Before all that had happened Elvis recorded How Great Thou Art.  Few will agree with me but the album is his masterpiece.  Amongst the 57 albums he recorded in his lifetime there are fine achievements but How Great Thou Art is the one example of uncompromising art. It exists as confirmation that mere warblers and strummers can achieve the transcendental.  If the cover images of How Great Thou Art promote the idea of religious devotion, the album is much more than that.  No doubt its success required musical virtuosity.  What makes the album marvellous, though, depends on something other than technical skill.  The vocal performances of Elvis on How Great Thou Art are eclipsed by the efforts of Aretha Franklin on her Amazing Grace album but those performances are not likely to be matched by anyone.  Her voice is supreme.  On How Great Thou Art the performances of Elvis achieve an emotional depth that is not only profound and complex but rooted in the inconsequential existence and capricious fate of ordinary people.  His renditions of How Great Thou Art and Where No One Stands Alone may be sublime and powerful but the other performances are also exceptional and in a different way.  In his classic rock and roll book Mystery Train the author Greil Marcus claimed that the album was good enough to make you convert.   No one, though, needs to be religious to be affected by How Great Thou Art.  Elvis communicates what is personal to him, loneliness, dependency and the unfair twists of fate.  With his ego parked somewhere outside the studio Elvis became a sensitive and thoughtful man, the person that Parker and his agents in the Memphis Mafia did what they could to discourage.  How Great Thou Art captures human experience and isolation.  The escapism of Hollywood and carefree rock and roll are abandoned for authentic gloom.  Stand By Me which has the line ‘when I do the best I can and my friends misunderstand’ breaks the heart.  Humble inadequacy is the common human experience, and glory is rare and short lived.  Even God does not provide glory.  On How Great Thou Art the God Elvis refers to is the essential crutch many need in their inevitable desperate moments.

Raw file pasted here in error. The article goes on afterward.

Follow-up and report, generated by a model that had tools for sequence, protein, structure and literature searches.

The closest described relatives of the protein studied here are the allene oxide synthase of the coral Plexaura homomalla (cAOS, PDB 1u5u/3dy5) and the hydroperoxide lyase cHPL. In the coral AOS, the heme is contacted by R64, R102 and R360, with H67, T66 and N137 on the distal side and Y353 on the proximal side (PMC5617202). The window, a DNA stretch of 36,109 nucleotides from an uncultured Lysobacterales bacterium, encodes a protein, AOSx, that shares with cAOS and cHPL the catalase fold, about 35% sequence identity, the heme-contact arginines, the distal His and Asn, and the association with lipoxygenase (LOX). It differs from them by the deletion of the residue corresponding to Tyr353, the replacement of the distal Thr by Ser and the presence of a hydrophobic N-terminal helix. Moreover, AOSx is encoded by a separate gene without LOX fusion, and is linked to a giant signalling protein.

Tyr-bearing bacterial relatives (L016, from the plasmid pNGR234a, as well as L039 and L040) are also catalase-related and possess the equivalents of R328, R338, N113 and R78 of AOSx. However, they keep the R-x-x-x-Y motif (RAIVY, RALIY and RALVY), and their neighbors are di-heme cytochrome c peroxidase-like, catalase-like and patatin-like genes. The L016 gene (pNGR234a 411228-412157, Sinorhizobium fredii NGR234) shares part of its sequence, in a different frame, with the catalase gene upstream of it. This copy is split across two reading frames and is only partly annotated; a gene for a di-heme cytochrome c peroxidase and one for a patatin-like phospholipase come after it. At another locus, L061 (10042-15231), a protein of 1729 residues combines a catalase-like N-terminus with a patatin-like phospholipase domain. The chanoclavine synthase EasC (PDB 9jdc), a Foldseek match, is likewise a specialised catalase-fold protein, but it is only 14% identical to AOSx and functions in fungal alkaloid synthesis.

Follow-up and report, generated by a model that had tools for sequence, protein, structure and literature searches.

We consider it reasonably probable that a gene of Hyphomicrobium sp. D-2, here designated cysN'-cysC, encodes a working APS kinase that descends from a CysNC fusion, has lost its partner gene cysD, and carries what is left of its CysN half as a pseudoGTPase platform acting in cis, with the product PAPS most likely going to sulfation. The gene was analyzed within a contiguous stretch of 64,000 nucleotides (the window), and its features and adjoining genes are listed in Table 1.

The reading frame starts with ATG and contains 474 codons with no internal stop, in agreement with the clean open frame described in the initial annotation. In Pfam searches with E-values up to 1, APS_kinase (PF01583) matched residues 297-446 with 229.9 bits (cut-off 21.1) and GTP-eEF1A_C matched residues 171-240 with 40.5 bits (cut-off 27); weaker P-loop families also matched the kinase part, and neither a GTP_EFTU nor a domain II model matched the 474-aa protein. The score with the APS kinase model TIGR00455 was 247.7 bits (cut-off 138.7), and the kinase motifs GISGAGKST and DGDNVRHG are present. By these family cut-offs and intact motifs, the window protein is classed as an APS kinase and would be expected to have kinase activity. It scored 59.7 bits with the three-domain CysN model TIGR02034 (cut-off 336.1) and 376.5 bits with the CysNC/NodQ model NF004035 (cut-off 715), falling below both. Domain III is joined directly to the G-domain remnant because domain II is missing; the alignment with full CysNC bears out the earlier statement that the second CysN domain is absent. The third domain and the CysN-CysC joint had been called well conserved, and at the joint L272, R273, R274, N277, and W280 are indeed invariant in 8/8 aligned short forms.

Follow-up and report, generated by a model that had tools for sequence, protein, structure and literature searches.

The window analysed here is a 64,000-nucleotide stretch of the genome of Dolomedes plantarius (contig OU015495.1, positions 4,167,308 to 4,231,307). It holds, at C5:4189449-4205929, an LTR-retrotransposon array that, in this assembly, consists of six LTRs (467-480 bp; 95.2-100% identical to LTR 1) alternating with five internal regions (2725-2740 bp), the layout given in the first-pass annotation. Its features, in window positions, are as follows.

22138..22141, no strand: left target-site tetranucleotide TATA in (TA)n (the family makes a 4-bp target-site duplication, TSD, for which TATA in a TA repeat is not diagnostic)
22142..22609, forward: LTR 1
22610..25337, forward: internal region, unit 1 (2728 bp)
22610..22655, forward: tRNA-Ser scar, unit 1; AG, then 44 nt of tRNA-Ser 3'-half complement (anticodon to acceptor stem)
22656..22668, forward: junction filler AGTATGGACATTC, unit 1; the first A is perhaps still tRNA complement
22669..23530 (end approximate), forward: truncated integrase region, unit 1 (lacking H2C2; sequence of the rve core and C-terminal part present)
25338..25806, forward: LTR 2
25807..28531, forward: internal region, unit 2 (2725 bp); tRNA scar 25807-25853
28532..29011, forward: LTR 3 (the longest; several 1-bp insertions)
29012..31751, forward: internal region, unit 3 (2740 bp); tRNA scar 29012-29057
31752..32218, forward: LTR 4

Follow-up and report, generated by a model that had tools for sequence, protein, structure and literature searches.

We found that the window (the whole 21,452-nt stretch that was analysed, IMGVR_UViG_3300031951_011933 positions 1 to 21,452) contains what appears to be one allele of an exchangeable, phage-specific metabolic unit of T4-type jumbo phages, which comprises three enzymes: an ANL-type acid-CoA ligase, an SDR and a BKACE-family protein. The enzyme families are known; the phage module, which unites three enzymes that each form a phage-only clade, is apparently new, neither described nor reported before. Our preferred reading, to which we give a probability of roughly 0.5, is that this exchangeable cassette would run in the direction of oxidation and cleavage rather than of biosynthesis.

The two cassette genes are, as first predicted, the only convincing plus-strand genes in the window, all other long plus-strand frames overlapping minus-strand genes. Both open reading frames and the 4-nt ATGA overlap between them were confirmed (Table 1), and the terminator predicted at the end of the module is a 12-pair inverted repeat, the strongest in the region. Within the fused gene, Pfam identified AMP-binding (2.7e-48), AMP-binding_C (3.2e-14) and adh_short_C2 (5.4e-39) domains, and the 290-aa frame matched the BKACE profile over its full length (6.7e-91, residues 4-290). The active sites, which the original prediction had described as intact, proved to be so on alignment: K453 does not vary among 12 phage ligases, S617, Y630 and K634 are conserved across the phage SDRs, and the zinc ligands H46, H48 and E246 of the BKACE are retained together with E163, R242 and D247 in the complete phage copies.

In 1971 after I had bought the album I played it for members of my family.  All were astonished by its power.  It actually sparked a confession in my soon to be wife.  Without provocation she recalled treating another man badly.  ‘I’m not sure why I’m telling you this,’ she said.  ‘It’s the music,’ I said.  ‘The difference between what we are and can be.  If we do not feel shame, we are nothing.’  How Great Thou Art does not have the melodic invention and moments of surprise that arrived with The Beatles and the peers.  Although the performances required expertise the music is not for those listeners who can only respond to technique and invention.  How Great Thou Art has the very best of heart music, a cause that Elvis was obliged too often to abandon but that he honoured in his own way.   Listen to How Great Thou Art and we hear what is best and fine about a man obliged to be overcome by his flaws.  Elvis was able to share with his listeners and fans an ambition that he had described to Priscilla, ‘to let people know that we all have these feelings’.   The price he paid for those feelings would become apparent later.   But similar revelations, of course, happen to all of us. 

Howard Jackson has had eleven books published by Red Rattle Books including novels, short stories, travel books and collections of film criticism.  His latest book Offended Shadows is now available here.